Also known as humulene, this terpene is found in the essential oil of black pepper, clove, and oregano. Among its many interesting applications, we've got its strong anti-inflammatory effects with gastro-protective agents that make it perfect for the treatment of ulcers. It is also known to selectively bind to the CB2 receptor and activate the natural response of the body to nagging pains such as a toothache and to autoimmune disorders.
It's one of the constituents of turpentine, with a sweet and spicy woody scent. Commonly found in the resin of rosemary, pine, and cedar, it's an essential element of aromatherapy used for treating excess bodily fluids. It is responsible for the redness in the eyes and cotton mouth sensation cannabis users generally experience.
Linalool is reminiscent of fresh flowers. It's well-known for its scent of lavender with slightly spicy nuances. Given its soothing and sedative properties, it's commonly used for treating stress and anxiety disorders. It's thought to have analgesic and antiepileptic effects too, but not just that. Research is also being done on its antitumoral properties.
Pulegone is found in mint species, camphor, and rosemary, but also in cannabis, although in lower concentrations. Just like pinene, it was used in ancient medicine for treating memory issues due to its acetylcholinesterase inhibitory activity. In other words, it stops the action of the protein that destroys acetylcholine, the chemical used by the brain to store memories.
This lilac-smelling terpene is often found in perfumes and cosmetics. Among others, it's known for its relaxing and sedative effects. Terpineol-rich strains frequently contain high levels of pinene too, creating a perfect combination that boosts one another's properties.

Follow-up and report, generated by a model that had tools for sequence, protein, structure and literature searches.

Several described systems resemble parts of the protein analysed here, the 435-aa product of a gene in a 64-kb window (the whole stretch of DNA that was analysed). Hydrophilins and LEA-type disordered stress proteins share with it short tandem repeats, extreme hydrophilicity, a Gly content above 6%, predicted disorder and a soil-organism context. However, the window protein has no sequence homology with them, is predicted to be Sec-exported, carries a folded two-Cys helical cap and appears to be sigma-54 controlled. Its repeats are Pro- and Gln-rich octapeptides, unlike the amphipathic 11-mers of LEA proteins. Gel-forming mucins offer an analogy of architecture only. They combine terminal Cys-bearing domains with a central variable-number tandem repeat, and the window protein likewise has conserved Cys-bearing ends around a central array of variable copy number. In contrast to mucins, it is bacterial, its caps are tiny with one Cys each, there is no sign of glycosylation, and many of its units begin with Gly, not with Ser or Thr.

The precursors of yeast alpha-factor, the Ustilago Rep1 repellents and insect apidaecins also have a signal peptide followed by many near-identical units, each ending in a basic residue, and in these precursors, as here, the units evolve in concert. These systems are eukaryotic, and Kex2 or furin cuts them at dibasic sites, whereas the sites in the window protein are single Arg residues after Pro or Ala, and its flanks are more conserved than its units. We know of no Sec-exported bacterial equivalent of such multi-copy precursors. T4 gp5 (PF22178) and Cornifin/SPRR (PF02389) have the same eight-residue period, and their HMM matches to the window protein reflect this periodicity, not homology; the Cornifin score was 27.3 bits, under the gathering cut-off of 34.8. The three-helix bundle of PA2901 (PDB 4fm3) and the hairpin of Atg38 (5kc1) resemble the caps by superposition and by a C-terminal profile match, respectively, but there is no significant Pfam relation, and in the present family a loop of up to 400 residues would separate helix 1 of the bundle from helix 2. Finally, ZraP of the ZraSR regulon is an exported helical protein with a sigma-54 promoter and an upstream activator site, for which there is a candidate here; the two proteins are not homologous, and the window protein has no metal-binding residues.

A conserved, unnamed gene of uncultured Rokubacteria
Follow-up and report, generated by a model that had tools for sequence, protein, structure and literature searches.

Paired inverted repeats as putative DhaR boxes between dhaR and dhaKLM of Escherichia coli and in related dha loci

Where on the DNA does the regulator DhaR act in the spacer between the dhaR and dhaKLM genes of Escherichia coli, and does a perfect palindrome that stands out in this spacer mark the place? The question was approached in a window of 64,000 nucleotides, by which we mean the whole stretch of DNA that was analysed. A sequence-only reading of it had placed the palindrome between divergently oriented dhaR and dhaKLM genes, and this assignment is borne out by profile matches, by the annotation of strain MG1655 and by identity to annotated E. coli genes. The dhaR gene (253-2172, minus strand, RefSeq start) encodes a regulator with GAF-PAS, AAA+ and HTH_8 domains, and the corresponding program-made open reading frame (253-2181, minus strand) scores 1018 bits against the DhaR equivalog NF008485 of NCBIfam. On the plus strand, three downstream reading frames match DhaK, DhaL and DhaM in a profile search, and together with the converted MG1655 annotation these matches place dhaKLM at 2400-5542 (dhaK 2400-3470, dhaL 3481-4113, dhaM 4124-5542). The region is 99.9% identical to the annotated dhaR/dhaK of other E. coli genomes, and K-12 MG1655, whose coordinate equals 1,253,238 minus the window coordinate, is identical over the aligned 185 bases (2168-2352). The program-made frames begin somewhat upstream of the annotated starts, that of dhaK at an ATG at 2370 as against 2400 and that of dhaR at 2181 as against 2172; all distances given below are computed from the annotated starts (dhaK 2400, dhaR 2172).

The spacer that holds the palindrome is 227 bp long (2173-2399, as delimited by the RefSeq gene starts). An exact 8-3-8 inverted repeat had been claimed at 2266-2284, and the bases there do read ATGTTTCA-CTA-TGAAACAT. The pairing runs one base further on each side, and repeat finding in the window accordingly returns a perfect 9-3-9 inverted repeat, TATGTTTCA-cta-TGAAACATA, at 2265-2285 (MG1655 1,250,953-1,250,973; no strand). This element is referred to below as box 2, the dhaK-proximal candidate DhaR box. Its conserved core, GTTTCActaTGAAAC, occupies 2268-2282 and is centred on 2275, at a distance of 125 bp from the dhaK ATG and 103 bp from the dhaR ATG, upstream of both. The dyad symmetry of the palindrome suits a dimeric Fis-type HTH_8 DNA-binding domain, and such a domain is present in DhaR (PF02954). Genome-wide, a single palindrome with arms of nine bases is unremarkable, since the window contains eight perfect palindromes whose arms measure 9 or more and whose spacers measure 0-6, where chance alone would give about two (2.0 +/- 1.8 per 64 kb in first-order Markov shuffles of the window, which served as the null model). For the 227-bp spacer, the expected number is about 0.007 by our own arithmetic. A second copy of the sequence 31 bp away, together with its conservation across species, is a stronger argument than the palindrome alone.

Alpha-Pinene is found in pine and rosemary needles while Beta-Pinene naturally occurs in rosemary, parsley, and basil. It is the most important constituent of turpentine and a major ingredient of most essential oils. Apart from improving the concentration and the intellectual energy, it's proved to be a great germ-fighting component. Famous for its acetylcholinesterase inhibitory activity, it can counteract the negative effects of THC allowing brain cells to communicate better with one another.
There's plenty of this terpene in rosemary, cinnamon, and absinthe. It's best known as a sedative, stress-combatting and tiredness-fighting element, although it's also a natural insect repellent. Traditional Chinese medicine long ago became aware of its healing properties and has ever since used it in acupuncture or as part of oral or skin treatments. Like many other terpenes commonly found in cannabis, borneol has proved to significantly decrease tumor growth, which is why it's widely used for preventing and treating cancer. Technically, borneol doesn't kill cancer cells, but it helps other molecules get to them and cause them to self-destruct.
Found in rosemary and, as its very name indicates, in eucalyptol. Endowed with a spicy taste and a minty, camphor-like scent, it improves blood circulation, alleviates pain and it's commonly used in insect repellents. Given its presumed concentration-boosting properties, this terpene is usually found in plants for meditation.